Alpha 01 LCF Malstrom AFB

Alpha 01 Launch Control Facility Malmstrom AFB

Ground Based Strategic Deterrent

The Ground Based Strategic Deterrent program, GBSD, was created by the Air Force for the purpose of developing the next generation ICBM.

The current ICBM, the Minuteman III missile, presently on strategic alert at FE Warren, Minot and Malmstrom Air Force bases, was first deployed in 1970. Since that time the Minuteman III has seen a number of Life Extension programs implemented, to assure that the MMIII missile will be viable until 2030. Given that the Minuteman missile is coming to its end of use, prompted the creation of the Ground Based Strategic Deterrent program.

GBSD Information

Given that the GBSD program is still in its early stages of development, this website's author has only preliminary information regarding this program. The author feels that given the significance of this program, the information that has been released thus far will be made available here on this site. As new information becomes available, it will be added here accordingly.

The GBSD program was created by the Air Force to design, develop and deploy a new generation ICBM that includes launch and command and control structures. Much has changed in terms of the technology and defensive measures currently used in the ICBM weapon system currently on strategic alert. The Air Force understands the necessity to evolve in meeting current, as well as unknown future threats, regarding the ICBMs that make up the nuclear deterrent force, here in the United States.

Early estimates placed the budget of deploying the next generation ICBM at $29 billion dollars. Another source states the budget for the GBSD is approximately $39 billion dollars.

In 2016 the Air Force estimated this program would cost approximately $62.3 billion for the new missile, consisting of a total of 400 GBSD missiles for deployment, and additional missiles to allow for testing and launch research. In response to the 2016 estimate given by the Air Force, the Department of Defense has stated that their Cost Assessment and Program Evaluation office, CAPE, are stating an estimate of closer to $85 billion dollars for the new GBSD system.

On July 29, 2016, the Air Force solicited contract proposals from the industry to replace the Minuteman III missile and its weapon system. Lockheed Martin, Boeing, and Northrop Grumman were the 3 companies who submitted proposals. On August 21, 2017 the Air Force announced that it was giving the two Technology Maturation and Risk Reduction, TMRR, contracts to Boeing and Northrop Grumman. These two companies have until 2020 to submit their design for the new GBSD, at which time the Air Force will determine which proposal will fit their requirements. The new GBSD will be deployed by 2030.

Of interest to the reader, is an article published in the February 2018 Air Force Magazine, titled, "Replacing Minuteman." It discusses a number of factors pertinent to the new GBSD program, and what the Air Force is already considering and making known to both Boeing and Northrop Grumman, in their preparation for their proposals for GBSD. Click on the link below to read this article.

As stated in the article, the Air Force has determined that they will be able to continue to use the current Launch Facilities that house the 400 deployed Minuteman III missiles, located at FE Warren, Minot and Malmstrom Air Force Base. In realizing that the cost of the developing and constructing 400 to 450 new Launch Facilities would be extremely expensive. Through analysis of the current Launch Facilities, it was determined that these missile silos are still solid, and can be used with the new GBSD.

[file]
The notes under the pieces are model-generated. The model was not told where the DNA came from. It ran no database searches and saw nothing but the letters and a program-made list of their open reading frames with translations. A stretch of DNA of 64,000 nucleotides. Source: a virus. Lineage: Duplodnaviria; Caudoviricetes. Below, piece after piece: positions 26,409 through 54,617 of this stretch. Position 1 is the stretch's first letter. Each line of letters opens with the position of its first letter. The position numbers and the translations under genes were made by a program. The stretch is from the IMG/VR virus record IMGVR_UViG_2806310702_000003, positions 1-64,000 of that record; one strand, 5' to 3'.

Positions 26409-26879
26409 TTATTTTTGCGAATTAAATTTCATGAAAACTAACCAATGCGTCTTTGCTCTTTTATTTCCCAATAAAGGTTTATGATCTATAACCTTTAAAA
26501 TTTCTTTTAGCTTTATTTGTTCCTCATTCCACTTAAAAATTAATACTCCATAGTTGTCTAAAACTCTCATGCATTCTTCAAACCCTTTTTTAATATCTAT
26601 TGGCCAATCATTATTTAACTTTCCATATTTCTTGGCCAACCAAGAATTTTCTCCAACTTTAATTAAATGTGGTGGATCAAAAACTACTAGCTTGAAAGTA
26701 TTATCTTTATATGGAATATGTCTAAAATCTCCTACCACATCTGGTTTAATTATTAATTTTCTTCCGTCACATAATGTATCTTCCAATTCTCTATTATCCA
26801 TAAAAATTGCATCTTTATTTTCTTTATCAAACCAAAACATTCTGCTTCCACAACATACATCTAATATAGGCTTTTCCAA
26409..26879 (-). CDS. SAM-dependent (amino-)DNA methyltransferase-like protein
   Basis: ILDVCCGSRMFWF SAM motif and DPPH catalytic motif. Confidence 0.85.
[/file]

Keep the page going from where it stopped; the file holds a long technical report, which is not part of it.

It is important to note, that with the programmed depot maintenance that began on all of the 450 Launch Facilities at the three missile wings, has allowed the Air Force to place 50 of these launch facilities into what some have termed these Launch Facilites as "warm silos". The depot maintenance started in 2017. Each missile wing has been removing the entire Minuteman missile from 17 of their Launch Facilities, and performing thorough maintenance and renovation of these Launch Facilities. Once completed, they return the missile back to the LF, and start maintenance on the next Launch Facility slated for the depot maintenance of that respective missile wing.

This is providing the Air Force a means to be in compliance with the New START treaty - having 400 Minuteman missiles, down from 450, but allowing the Air Force to maintain the 50 empty Launch Facilities in a "warm silo" status. It also allows the Air Force the much needed thorough maintenance on these Launch Facilities, some of which have been on strategic alert since 1962.

Once the GBSD program has designed and built the new generation ICBM, the Air Force will be able to utilize these up to spec Launch Facilities to house and place on strategic alert the new GBSD missiles.

Another essential feature for the new generation ICBM was discussed in the article mentioned above, which outlined the importance of building an "open system" with this new ICBM. Given the scenario that one part of the new GBSD missle needs to be updated, or outright replaced with an improved component, say the guidance system, it will be crucial that by designing and installing a new component into the new GBSD missile, this component will not have a proprietary feature to it. This will allow for a more efficient, as well as cost effective feature, that will eliminate the need to replace an entire system, and will allow for just that one new component to be installed seamlessly with the rest of the missile.

One last piece of information regarding the Ground Based Strategic Deterrent program and missile. The Air Force has not determined what they will call this new ICBM.